By Doyle Sager
Is your congregation receiving all its spiritual vitamins and minerals? We all know how crucial a balanced physical diet is; our spirits also need a healthy mixture of “the whole counsel of God” (Acts 20:27).
But before you stop reading this commentary because you think it is for pastors only, be assured that everyone can do something to see that Sunday worship services offer a variety of spiritual food.
For one thing, the preacher and congregation could form a partnership in worship planning. This could be as simple as the pastor providing three-by-five cards in the morning service, inviting comments on “topics or Bible passages I’d like to hear addressed in sermons.” Or it could be a worship committee or a pastor’s team, assisting him or her in planning for Advent or some other special season. This group could help assure that all five senses are engaged (not just the sense of hearing) and also be attentive that all ages are included.
Another way to deepen and vary worship themes is for pastor and laity alike to become acquainted with the lectionary. The Revised Common Lectionary is a set of weekly Bible readings, designed to move through the major themes and sections of the Bible over a three-year period of time. Every Sunday’s assigned readings include one passage each from the Old Testament, Psalms, epistles and Gospels.
Before you dismiss this practice as too “high church,” consider the following. The synagogue of Jesus’ day very likely followed some sort of lectionary schedule, designating portions from the Law and the Prophets to be read each Sabbath until they had cycled through the Hebrew scriptures (see Luke 4:16-19). The early church probably borrowed this practice when the New Testament came together.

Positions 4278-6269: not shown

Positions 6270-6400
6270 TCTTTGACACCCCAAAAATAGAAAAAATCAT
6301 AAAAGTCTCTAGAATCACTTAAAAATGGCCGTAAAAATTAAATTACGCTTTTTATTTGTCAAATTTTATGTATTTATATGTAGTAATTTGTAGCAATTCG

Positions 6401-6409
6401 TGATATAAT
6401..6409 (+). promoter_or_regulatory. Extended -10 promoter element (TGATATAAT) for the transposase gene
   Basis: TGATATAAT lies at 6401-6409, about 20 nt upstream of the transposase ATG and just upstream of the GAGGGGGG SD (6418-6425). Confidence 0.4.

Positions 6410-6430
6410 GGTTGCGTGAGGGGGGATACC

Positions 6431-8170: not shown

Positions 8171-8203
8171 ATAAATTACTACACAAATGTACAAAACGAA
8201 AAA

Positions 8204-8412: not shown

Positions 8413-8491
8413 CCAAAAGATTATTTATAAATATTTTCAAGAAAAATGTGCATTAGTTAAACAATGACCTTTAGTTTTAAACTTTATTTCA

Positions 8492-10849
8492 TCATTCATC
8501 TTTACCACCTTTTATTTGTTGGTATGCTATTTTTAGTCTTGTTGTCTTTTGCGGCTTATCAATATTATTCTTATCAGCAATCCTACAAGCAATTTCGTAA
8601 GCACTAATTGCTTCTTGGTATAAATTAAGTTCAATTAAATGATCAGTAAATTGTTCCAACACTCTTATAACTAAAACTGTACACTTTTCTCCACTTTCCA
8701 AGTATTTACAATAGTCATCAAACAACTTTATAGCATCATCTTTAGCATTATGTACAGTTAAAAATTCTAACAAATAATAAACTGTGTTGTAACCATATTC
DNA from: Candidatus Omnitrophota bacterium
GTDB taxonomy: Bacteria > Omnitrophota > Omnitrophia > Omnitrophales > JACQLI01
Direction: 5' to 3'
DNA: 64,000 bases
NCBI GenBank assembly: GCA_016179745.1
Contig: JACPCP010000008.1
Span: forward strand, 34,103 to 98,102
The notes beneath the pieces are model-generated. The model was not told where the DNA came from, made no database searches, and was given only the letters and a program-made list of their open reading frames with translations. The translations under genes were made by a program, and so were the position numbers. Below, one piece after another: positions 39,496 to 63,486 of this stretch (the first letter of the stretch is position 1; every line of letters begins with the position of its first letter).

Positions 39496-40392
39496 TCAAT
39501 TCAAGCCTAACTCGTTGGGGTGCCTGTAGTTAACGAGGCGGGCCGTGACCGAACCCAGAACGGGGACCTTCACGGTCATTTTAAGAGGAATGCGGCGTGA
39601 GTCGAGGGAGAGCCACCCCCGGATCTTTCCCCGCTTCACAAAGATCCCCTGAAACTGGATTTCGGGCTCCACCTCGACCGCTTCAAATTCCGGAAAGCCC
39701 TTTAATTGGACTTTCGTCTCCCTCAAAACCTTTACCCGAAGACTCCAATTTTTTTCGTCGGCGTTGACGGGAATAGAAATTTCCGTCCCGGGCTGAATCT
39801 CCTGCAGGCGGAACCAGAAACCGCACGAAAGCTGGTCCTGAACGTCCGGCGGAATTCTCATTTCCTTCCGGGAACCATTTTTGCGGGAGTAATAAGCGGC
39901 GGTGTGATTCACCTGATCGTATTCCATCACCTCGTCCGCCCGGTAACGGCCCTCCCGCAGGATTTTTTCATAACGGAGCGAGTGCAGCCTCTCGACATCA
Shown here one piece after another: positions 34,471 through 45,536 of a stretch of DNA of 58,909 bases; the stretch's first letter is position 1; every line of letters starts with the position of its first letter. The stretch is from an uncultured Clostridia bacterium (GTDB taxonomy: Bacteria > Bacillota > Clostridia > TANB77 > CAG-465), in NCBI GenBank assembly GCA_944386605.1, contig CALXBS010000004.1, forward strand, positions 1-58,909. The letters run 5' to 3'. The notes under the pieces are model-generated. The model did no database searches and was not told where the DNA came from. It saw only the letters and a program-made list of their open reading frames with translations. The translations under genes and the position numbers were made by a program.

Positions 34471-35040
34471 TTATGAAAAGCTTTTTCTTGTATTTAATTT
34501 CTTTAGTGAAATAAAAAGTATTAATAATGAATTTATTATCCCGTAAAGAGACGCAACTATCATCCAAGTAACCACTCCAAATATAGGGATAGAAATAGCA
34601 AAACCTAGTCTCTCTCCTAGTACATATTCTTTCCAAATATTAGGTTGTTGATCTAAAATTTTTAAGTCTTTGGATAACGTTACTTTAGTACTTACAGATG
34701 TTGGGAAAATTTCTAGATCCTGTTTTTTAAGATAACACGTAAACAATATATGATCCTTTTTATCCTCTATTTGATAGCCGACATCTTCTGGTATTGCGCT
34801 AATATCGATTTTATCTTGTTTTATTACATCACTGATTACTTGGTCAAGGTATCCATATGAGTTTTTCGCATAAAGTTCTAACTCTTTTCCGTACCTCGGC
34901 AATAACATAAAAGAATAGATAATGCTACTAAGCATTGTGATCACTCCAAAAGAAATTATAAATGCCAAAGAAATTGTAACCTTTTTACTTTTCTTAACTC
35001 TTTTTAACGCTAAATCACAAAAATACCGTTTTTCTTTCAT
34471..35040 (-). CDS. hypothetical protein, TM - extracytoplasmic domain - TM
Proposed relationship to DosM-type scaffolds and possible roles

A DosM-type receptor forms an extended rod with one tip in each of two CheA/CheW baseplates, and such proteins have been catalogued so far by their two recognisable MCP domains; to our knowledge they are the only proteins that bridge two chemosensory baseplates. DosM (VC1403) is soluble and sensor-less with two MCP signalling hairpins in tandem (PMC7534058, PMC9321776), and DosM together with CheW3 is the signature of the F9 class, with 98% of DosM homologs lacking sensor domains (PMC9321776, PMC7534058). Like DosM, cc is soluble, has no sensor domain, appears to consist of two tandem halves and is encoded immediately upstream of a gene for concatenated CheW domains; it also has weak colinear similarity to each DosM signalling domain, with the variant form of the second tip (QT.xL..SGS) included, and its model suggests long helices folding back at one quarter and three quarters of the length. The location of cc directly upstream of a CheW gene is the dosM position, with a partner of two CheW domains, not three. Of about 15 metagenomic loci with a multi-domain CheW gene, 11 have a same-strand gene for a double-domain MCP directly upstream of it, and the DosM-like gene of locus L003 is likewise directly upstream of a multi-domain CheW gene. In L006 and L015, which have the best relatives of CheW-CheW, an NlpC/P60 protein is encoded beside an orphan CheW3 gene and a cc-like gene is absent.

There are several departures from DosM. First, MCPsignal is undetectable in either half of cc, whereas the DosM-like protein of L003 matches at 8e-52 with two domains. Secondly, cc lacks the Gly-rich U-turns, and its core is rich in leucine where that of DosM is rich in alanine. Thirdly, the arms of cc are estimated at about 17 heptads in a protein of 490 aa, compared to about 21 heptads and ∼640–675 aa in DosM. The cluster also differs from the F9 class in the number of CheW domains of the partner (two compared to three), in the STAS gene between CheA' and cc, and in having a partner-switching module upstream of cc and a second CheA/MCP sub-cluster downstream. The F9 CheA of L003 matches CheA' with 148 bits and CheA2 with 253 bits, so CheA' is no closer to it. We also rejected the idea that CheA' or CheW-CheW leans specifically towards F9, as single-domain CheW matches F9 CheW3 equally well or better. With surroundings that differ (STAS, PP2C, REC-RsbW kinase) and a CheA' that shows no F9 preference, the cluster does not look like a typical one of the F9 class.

Some object to the lectionary on the grounds that “we do not want some office, somewhere in a big city, telling us what to study.” But for generations, we have accepted assigned Sunday school lessons and seem to have managed just fine!
Remember that we all have a lectionary, whether it is written down and formalized or not. We all have sections of the Bible that we are more drawn to. The published lectionary keeps us honest and helps us hear all (or at least more) of God’s Word.
I heard a story about two deacons from different churches who were having coffee. The first one said, “My pastor is amazing. He once preached six sermons from the same Bible text.” The second deacon replied, “That’s nothing. My pastor can preach the same sermon from 20 different texts!” Without realizing it, some pastors flatten out every rich, meaty Bible passage until it becomes the same dry cereal week after week.
Even if lectionary readings do not become the pastor’s sermon text, they can provide ideas for Scripture readings, responsive readings, calls to worship, music, drama, banners or children’s worship experiences.
We can all do one more thing to assure that a balanced spiritual diet of God’s Word is received in our worship services. We can do our part to un-clutter the Sunday morning experience, so that adequate time is allowed to hear the public reading of God’s Word. Is divine worship really the time to make endless announcements about baby showers and potlucks? About parking on the north side of the church and about signing up for the youth hayride? Acknowledging wedding anniversaries and greeting special guests may have their place in worship, but not if they are crowding out God’s voice. Sometimes the obvious needs to be stated: We should listen to God’s Word when we meet for worship!
A carefully chosen Sunday morning Scripture reading may be from the lectionary or from a passage of our own choosing. It may be a part of the pastor’s sermon theme or unrelated, standing on its own as an act of worship. When the Apostle Paul gave young Timothy instructions about how to lead a church, he wisely counseled, “Until I arrive, give attention to the public reading of Scripture” (1 Timothy 4:13, NRSV).
It is ironic that the people known as Baptists, who have fought and divided over how much we believe the Bible, often spend very little time in our public worship services actually reading God’s Word aloud. In many Baptist churches, the pastor reads one Bible verse and then preaches for 60 minutes, as if the preacher’s words are more important than the Word.
The Bible contains all we need for spiritual nutrition and strength (2 Timothy 3:15-17). Furthermore, God’s Word is delicious (Psalm 19:10; 119:103). Let’s all do our part to serve it up hot and fresh. And please — let’s serve it up with some variety!